During a recent Christmas bazaar at St. Aidan’s Episcopal Church in Hartford, Wisconsin, Rep Jim Sensenbrenner (R – WI) criticized Michelle Obama’s campaign against obesity given the size of her lower posterior.. Daniel Bice, in “Sensenbrenner apologizes to first lady over ‘big butt’ remark,” described the incident in the following way:

Perhaps Sensenbrenner – who was accompanied by an aide – assumed it was safe to crack wise about the first lady’s posterior in such a heavily Republican area. But, as the old saying goes, this is what happens when you assume.

Ann Marsh-Meigs, a church member who heard Sensenbrenner’s remarks, said he took several swipes at the first lady on Dec. 10. . . .“He then talked about how different first ladies have had different projects – Laura Bush and literacy – and he named two or three others,” Marsh-Meigs said in an interview last week. “And then he said, ‘And Michelle Obama, her project is obesity. And look at her big butt.’”

“That’s basically what he said,” she continued. “It was a combination of her work on obesity and her shape.”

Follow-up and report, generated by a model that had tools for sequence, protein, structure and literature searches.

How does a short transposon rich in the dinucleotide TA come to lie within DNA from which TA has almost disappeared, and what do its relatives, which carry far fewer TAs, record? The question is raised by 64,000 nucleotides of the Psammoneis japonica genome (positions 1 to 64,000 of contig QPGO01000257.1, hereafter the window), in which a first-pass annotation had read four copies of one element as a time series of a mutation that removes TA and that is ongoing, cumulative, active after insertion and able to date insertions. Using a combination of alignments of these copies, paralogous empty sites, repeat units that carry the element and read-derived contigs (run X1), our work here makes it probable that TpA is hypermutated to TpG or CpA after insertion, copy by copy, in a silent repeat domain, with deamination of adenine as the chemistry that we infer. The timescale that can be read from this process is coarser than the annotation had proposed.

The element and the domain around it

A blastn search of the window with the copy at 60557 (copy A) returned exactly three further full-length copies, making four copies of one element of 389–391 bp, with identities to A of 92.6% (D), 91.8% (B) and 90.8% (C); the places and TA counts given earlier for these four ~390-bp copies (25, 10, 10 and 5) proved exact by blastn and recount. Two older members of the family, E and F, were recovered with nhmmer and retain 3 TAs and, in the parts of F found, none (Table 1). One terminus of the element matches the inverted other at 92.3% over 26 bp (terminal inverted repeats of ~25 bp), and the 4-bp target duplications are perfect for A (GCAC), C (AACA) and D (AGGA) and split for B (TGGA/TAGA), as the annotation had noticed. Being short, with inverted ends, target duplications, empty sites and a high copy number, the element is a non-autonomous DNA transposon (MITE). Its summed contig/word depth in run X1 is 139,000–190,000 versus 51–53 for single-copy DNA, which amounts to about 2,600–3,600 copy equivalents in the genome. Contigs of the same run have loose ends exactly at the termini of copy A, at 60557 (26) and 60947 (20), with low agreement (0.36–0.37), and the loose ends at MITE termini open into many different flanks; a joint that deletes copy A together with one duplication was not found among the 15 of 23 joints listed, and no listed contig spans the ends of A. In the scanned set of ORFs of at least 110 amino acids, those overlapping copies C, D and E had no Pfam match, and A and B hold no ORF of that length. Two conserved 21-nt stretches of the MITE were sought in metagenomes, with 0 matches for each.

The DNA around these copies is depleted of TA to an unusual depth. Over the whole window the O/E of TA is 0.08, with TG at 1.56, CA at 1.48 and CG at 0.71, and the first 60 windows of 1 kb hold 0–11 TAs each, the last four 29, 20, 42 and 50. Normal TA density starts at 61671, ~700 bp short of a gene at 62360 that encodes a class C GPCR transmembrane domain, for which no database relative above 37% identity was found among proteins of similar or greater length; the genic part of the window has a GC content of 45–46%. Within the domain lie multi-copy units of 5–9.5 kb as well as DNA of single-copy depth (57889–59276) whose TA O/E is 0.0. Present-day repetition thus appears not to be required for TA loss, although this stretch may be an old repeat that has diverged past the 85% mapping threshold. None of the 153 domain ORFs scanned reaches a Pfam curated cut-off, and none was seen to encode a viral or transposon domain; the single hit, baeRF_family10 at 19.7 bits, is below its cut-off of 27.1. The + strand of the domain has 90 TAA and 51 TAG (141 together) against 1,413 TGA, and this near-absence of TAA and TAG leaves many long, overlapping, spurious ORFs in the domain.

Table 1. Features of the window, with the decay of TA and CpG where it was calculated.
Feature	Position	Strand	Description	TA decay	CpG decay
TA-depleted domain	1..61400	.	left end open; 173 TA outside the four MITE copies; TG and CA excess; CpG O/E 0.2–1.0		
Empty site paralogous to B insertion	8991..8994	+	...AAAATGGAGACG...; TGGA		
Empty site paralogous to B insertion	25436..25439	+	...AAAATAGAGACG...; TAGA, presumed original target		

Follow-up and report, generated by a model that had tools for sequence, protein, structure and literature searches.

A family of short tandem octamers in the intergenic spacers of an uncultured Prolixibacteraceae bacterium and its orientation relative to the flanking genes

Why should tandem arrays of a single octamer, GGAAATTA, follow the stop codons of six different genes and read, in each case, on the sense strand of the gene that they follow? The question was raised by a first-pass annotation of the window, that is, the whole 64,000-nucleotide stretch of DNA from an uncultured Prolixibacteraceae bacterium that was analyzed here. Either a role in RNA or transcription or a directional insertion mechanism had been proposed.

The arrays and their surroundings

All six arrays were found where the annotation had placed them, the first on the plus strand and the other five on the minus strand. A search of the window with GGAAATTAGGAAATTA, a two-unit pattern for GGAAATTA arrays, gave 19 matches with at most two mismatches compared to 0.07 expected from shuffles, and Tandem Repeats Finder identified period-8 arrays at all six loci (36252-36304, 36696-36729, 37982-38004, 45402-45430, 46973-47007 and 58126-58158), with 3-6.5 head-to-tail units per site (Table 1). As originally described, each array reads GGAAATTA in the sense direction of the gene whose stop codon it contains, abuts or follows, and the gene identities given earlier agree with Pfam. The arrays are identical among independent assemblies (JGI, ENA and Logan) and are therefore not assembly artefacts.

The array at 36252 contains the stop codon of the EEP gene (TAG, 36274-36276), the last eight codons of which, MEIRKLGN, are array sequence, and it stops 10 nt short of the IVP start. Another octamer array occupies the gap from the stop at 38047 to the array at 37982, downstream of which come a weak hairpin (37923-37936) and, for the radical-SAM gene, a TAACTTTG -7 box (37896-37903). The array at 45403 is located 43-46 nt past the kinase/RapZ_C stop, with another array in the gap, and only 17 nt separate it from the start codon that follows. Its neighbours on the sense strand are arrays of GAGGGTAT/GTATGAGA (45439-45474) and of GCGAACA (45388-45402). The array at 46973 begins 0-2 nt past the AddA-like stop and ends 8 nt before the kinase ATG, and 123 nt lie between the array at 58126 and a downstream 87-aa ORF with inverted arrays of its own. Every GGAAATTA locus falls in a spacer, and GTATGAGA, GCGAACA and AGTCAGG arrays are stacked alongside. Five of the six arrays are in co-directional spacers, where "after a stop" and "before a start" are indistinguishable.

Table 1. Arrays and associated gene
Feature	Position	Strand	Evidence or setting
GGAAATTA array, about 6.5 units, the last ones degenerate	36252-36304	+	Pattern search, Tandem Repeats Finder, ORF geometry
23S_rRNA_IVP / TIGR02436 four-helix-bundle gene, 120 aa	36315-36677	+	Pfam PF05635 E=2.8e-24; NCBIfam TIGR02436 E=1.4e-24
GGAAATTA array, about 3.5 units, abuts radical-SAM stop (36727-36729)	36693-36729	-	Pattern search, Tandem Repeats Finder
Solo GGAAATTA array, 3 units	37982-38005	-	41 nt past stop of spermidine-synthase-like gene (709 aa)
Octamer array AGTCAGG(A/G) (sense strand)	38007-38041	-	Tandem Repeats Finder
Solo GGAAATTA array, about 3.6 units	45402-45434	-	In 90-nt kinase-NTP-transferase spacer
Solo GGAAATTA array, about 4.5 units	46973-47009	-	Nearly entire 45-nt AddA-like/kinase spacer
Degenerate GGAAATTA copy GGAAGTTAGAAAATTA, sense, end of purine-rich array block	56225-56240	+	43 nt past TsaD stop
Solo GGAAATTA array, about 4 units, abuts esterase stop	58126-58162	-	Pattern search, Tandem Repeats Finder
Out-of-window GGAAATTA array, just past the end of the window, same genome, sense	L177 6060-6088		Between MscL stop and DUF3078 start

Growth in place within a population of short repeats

When confronted by a woman in attendance, who sought to highlight Mrs. Obama’s wonderful qualities, Rep Sensenbrenner responded by noting that “Michelle should practice what she preaches – ‘she lectures us on eating right while she has a large posterior herself.’”

History reveals that the unmasking and over-sexualization of black bodies is a longstanding practice central to American popular culture. As Bobo (1995) states: “Representations of black women in mainstream media constitute a venerable tradition of distorted and limited imagery” (p. 33). Rather than constituting black women as “specific victims of the lust of [white] brutes,” dominant representations have posited black women as sexually deviant, aggressive, domineering or wretched victims – as mammies or jezebels (Hansberry, 1960).

Black women’s bodies have historically garnered negative attention in the public sphere; the black female form has posed as both a threat and a cheap, yet addictive, commodity within American culture. Within the realm of popular culture Janet Jackson’s breasts, like Jennifer López’s and Beyonce’s behinds, have elicited incredibly prurient commentary highlighting both the exotic determination and demonization of female bodies of color. This history endures through these comments that rely on the fragmentation of Michelle Obama’s body.

Continue reading @ Attacking the Black Woman | Loop21.